Read beyond the chilly weather of the opening paragraph of Jane Eyre and you find yourself in the company of a 10-year-old girl cozily concealed in a curtained window seat gazing at a book. Everyone who loves to read, or lives to read, knows that ultimate readerly contentment. You’re warm inside with a good book. Outside the window are the reasons the girl’s glad not to have taken that walk, “ceaseless rain sweeping away wildly before a long and lamentable blast.” The big book she’s so absorbed by is Berwick’s History of British Birds, which is rich with images of the haunts of sea-fowl, solitary rocks and promontories, Alpine heights, “death-white realms,” and a “cold and ghastly moon.” Jane finds her imaginings of phantom ships, “objects of terror,” and a gallows “mysterious” and “profoundly interesting.” She’s worlds away from the miserable reality of her life as an orphaned outcast barely tolerated by a family that wants nothing to do with her.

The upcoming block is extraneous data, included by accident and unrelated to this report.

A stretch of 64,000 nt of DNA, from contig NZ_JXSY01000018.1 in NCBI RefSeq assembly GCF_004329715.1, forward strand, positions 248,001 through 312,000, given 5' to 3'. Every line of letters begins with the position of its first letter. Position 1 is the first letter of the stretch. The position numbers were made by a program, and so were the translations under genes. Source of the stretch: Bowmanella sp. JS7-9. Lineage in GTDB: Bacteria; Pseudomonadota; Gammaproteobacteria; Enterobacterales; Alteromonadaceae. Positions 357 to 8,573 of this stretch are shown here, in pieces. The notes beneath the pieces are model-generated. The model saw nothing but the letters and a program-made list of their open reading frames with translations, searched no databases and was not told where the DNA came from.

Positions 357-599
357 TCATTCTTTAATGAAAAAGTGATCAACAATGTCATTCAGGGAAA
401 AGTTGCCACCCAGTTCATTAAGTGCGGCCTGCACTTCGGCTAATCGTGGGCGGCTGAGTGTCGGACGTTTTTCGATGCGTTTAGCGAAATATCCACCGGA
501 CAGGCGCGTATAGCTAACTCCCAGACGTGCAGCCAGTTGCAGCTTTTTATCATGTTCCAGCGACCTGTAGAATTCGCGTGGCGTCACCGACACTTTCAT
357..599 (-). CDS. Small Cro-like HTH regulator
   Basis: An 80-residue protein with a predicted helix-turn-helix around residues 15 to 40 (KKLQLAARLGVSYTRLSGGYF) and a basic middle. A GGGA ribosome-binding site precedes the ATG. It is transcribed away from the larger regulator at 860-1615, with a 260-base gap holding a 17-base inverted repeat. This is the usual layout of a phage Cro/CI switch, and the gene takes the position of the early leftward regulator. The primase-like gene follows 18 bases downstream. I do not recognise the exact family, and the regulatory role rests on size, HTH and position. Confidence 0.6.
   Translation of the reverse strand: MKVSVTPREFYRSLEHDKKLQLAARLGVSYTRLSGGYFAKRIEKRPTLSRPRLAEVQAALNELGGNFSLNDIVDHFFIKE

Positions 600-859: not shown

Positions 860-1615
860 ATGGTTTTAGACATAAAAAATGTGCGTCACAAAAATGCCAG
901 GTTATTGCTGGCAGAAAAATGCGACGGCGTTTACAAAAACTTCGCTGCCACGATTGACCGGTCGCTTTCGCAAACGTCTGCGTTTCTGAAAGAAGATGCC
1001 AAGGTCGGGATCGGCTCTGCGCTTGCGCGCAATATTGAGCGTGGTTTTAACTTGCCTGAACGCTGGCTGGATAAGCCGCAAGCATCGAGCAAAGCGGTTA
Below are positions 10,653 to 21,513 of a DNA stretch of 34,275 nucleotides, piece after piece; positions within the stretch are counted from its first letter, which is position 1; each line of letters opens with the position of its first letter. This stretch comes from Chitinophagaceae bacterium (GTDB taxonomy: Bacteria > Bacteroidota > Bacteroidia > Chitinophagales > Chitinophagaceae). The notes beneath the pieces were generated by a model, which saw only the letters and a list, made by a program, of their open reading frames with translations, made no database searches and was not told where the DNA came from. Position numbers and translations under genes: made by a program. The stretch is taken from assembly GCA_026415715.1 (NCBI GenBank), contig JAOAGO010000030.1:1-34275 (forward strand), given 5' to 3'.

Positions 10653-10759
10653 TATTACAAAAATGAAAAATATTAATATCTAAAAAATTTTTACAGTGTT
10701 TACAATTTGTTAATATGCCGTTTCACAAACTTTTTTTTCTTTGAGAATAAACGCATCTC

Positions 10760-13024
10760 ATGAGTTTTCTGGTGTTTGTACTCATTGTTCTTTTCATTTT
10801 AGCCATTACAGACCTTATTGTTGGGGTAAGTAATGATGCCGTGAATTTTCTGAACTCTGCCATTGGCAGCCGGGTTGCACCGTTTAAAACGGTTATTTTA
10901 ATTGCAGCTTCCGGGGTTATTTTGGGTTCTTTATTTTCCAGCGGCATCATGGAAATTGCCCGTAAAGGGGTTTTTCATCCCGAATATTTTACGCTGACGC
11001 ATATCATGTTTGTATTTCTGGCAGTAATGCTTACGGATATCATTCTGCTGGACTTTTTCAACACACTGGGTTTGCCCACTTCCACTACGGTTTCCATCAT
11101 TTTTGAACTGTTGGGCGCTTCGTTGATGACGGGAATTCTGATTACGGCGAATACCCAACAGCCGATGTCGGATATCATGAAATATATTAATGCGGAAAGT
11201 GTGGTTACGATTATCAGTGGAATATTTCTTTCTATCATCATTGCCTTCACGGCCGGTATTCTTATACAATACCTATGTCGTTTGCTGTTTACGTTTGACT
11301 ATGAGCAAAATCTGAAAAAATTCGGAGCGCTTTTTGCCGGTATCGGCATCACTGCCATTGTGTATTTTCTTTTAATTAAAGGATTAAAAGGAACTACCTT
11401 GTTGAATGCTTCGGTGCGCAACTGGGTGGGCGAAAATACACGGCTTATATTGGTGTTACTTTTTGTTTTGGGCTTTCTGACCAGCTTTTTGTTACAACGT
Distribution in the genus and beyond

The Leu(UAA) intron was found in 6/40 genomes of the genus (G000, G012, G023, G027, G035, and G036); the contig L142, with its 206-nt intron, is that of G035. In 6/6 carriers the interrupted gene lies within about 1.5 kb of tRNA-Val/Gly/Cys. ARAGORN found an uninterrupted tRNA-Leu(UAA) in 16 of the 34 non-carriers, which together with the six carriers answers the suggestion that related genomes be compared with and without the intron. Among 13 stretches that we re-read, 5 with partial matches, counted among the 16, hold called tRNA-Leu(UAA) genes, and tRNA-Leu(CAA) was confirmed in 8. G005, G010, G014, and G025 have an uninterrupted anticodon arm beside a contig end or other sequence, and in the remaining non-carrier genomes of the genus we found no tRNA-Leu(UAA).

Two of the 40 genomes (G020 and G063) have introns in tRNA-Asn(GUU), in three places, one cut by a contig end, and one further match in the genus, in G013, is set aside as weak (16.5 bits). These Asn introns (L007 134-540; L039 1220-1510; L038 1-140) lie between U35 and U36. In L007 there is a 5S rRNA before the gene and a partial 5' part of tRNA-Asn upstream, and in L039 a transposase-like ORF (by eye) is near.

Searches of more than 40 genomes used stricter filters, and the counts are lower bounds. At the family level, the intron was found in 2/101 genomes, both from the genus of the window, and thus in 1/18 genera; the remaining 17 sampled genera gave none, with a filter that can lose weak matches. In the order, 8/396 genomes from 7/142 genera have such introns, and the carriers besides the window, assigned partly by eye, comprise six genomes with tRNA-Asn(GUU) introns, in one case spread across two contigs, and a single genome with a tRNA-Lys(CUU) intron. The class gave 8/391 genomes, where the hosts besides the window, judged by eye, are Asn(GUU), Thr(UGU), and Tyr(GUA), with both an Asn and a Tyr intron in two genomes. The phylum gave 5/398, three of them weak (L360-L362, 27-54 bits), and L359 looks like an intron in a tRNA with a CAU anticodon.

You, the reader reading about a reader, are right there in the windowseat with the girl when trouble arrives in the form of the 14-year-old cousin who bullies the outcast every chance he gets. He’s “large and stout for his age, with a dingy and unwholesome skin” and “heavy limbs and large extremities.” He gorges himself at meals, which makes him “bilious” with “a dim and bleared eye and flabby cheeks.” As she looks on his “disgusting and ugly appearance” he reads the insult in her eyes and strikes her “suddenly and strongly,” knocking her two steps backwards. Asked what she was doing behind the curtain, she tells him and he demands to see the book, scolding her for daring to look at it (“they are all mine”). Then, after asking her to stand clear of the window, he hurls the heavy volume at her, it hits her, she falls, striking her head. Bleeding from the wound, she finally breaks free of her perpetual victim mode to call him out, “Wicked and cruel boy!” with a barrage of invective learned from books she’s been escaping into — he’s “a murderer,” a slave driver, a Roman emperor like Nero or Caligula. Goaded, he runs headlong at her, grabbing her hair, she can feel the blood from her head trickling down her neck, she fights back, hitting him in certain sensitive areas of his body (“I don’t very well know what I did with my hands”). When the brat bellows for help, the inevitable happens: he’s never in the wrong, she’s the guilty one (“What a fury to fly at Master John!” “Did ever anybody see such a picture of passion!”). Jane’s punishment is to be hauled off to the chill, haunted “red room” her uncle had died in. She fights back, resisting “all the way” — “Hold her arms … she’s like a mad cat!” “For shame! for shame! …. What shocking conduct!”